Q: How did you choose the women you write about in the book?


A: I wrote about women who have been on my mind for years, and about whom I had a basic working knowledge before I started on Wild Girls. Many of the figures have appeared briefly in my previous essays or journal articles or on my college classroom syllabi.


Harriet Tubman inspired the thrust of the book – tracing the lives of girls with rich outdoor experiences who became active and influential in their time. For at least 15 years I have wanted to write about Tubman’s relationship with the natural world.


Once I had Tubman clearly in mind as a central figure and had drafted a chapter focused on her, I had a clear sense of the direction and argument for the other chapters. To a large extent, I was able to turn to my personal archive and reread notes and original materials that I had collected.


For instance, I have been assigning Harriet Jacobs’s narrative since I first started teaching. I had files of lecture notes on her. I had also kept notes about water, trees, and other natural elements in Jacobs’s memoir because enslaved people’s observations about nature have long been a side interest of mine.


Laura Smith Haviland, the Michigan abolitionist, is someone I researched for an (award-winning) academic article and a public history webpage around 10 years ago. I had plenty of material on her and a heavily annotated personal copy of her autobiography, A Woman’s Life-Work, Labours, and Experiences.


I used to teach about Anna Julia Cooper in a course on representations of African American women, and about Grace Lee Boggs in a class on Women of Color in the US.  


I taught about Pocahontas, Sacagawea, Jane Johnston Schoolcraft, and the Fort Shaw basketball team in a class on Native American women.


I suppose this was a book just waiting to be written. “Save Everything!” is one of my research and writing mottos, and it came in handy here. In Wild Girls, you are getting a peek behind the scenes of my courses.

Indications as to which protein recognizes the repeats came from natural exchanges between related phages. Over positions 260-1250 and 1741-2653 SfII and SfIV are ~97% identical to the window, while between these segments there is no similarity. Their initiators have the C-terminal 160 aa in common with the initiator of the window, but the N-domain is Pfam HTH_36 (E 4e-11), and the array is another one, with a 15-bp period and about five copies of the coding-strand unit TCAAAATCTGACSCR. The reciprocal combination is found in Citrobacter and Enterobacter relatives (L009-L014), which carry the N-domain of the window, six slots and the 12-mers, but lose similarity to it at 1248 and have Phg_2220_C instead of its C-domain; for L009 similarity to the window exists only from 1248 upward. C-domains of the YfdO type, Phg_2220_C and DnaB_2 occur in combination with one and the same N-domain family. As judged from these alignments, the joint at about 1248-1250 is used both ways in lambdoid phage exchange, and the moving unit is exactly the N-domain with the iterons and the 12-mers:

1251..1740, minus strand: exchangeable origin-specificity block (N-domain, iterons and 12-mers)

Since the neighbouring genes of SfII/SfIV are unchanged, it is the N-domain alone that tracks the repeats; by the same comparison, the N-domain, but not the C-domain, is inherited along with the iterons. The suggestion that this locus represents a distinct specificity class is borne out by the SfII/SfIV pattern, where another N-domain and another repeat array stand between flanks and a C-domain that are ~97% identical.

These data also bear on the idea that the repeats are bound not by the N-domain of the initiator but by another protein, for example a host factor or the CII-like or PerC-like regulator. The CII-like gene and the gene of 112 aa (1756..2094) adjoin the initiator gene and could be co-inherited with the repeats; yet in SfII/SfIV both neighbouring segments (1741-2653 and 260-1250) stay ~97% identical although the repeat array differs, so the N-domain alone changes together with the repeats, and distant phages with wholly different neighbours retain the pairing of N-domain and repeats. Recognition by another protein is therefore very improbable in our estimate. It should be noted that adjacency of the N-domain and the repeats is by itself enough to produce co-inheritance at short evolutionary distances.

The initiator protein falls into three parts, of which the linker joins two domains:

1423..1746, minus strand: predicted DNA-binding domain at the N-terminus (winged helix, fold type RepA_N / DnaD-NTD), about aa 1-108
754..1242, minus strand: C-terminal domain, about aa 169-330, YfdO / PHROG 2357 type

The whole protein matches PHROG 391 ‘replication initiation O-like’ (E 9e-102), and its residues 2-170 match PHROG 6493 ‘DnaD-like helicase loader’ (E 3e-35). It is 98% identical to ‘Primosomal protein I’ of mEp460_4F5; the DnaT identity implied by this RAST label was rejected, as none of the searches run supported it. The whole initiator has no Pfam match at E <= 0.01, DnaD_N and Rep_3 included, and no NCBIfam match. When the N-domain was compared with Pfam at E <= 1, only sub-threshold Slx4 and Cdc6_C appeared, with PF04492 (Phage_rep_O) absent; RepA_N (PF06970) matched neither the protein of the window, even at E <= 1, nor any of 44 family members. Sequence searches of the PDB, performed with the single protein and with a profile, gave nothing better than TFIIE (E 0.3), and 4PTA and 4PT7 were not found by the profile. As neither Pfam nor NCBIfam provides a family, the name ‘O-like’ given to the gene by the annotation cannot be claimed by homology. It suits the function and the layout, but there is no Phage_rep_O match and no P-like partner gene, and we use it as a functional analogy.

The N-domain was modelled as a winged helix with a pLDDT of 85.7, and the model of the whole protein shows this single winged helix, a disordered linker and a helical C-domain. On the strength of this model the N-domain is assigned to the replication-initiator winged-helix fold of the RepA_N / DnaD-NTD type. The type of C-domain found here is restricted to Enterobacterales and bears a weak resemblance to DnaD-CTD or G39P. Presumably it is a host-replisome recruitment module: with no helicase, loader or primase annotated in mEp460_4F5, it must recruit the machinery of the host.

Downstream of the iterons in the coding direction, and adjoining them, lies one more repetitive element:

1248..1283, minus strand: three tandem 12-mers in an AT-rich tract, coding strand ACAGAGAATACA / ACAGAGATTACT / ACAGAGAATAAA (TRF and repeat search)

The one person I would never have expected to write about was Louisa May Alcott. I remember reading Little Women and visiting Orchard House when I was a teenager, but I had never studied Alcott’s work until the pandemic.


On one of those days when the world was shut down and my family needed an escape from the confines of our house, I had the idea to take a quick day trip to Concord, Mass. We walked the grounds of Orchard House, looked at the tags for plantings in the early-spring garden, and peered through the windows. That trip planted the seed, I am sure, for Alcott’s inclusion in the book.


Q: What are you working on now?


A: I’m working on a biography of Harriet Tubman told through an eco-spiritual lens. If all goes well, this book will be out in 2024 (with Penguin Random House).


Readers who find the appearances of Tubman in Wild Girls intriguing will likely enjoy the forthcoming book, which will also trace shadow as well as light in Tubman’s life journey but in greater detail than was possible in Wild Girls.


Q: Anything else we should know?


A: Yes! I am excited to share that in June of this year, Random House released an updated and revised version of my novel, The Cherokee Rose.


The dual time period book, set in 2008 and the early 1800s, shares themes with Wild Girls (gardens, summer camp, historic sites, and female characters finding themselves and each other outside) and is based on research for my previous histories on Black experience and slavery in the Cherokee Nation.


--Interview with Deborah Kalb. Here's a previous Q&A with Tiya Miles.